Lessing, Gotthold Ephraim (gôtˈhôlt āˈfräĭm) [key], 1729–81, German philosopher, dramatist, and critic, one of the most influential figures of the Enlightenment. He was connected with the theater in Berlin, where he produced some of his most famous works, and with the national theater in Hamburg. His series of critical essays, Hamburgische Dramaturgie (1767–69), attacked the French classical theater and claimed that it had failed to capture the true spirit of Aristotelian dramatic unities. From 1770 he was librarian at Wolfenbüttel, writing there Zur Geschichte und Literatur [on history and literature] (1773–77). Other significant critical works are Literaturbriefe [literary letters] (1759–65) and Laokoon (1766). Lessing differentiated between the poet as interpreter of time and the artist as interpreter of space; he found different aesthetic criteria applicable to each. His plays include Miss Sara Sampson (1755), Minna von Barnhelm (1763, tr. 1799), Emilia Galotti (1772, tr. 1909), and Nathan the Wise (1779, tr. 1781), which was partly the result of the numerous theological controversies into which he was drawn by his insistence on freedom of thought. A deist, Lessing took theology seriously. His Erziehung des Menschengeschlechts [education of the human race] (1780) applied Enlightenment ideas of progress and evolution to religion. Lessing's introduction in Germany of English literature, especially of Shakespeare, was an important contribution.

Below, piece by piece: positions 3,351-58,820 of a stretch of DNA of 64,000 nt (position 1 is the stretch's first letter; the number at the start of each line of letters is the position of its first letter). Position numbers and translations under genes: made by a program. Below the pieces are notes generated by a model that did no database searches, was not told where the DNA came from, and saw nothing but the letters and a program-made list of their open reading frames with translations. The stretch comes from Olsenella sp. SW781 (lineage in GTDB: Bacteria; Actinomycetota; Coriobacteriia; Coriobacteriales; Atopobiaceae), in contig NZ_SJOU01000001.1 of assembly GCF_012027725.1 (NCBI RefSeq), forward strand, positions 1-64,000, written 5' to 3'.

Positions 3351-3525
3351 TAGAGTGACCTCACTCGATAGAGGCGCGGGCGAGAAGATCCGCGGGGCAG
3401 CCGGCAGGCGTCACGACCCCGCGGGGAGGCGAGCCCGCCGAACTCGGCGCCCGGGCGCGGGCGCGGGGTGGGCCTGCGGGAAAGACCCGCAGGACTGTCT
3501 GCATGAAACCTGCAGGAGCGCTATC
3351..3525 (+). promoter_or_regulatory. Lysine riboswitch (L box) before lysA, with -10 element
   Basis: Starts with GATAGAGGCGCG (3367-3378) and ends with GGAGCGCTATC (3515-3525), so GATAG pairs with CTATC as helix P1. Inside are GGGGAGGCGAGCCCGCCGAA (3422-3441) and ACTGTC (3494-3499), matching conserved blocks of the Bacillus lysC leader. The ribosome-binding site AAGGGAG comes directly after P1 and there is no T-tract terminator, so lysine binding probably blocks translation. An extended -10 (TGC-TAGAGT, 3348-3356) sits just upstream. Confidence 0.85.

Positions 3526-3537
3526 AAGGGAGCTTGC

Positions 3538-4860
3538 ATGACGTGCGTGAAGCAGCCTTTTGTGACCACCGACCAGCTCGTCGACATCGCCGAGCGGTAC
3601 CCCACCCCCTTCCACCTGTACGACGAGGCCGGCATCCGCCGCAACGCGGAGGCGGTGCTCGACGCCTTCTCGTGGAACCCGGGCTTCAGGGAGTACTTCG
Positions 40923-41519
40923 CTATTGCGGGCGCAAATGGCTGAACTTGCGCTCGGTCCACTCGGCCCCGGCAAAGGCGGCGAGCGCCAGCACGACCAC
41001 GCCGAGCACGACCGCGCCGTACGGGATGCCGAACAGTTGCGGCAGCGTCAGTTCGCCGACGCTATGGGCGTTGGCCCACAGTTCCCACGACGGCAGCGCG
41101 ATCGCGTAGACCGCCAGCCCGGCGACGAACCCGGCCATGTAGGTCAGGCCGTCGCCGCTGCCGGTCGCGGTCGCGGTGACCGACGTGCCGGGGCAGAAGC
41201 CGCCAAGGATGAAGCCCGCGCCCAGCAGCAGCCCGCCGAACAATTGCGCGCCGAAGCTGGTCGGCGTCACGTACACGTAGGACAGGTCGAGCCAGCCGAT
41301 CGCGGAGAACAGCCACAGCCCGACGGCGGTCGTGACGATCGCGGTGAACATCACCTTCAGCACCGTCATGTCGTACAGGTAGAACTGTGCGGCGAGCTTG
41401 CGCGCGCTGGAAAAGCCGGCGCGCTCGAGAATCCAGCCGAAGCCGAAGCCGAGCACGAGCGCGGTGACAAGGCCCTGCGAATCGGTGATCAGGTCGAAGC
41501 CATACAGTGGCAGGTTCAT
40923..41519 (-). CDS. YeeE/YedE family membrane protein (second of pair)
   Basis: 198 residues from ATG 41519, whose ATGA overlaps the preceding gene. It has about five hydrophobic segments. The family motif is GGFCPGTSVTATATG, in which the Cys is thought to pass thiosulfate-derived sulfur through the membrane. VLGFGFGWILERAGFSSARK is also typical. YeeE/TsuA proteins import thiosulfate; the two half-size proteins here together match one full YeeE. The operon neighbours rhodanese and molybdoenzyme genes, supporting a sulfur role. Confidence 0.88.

See studies by H. E. Allison (1966), A. F. Brown (1971), and H. B. Garland (1949, repr. 1973).
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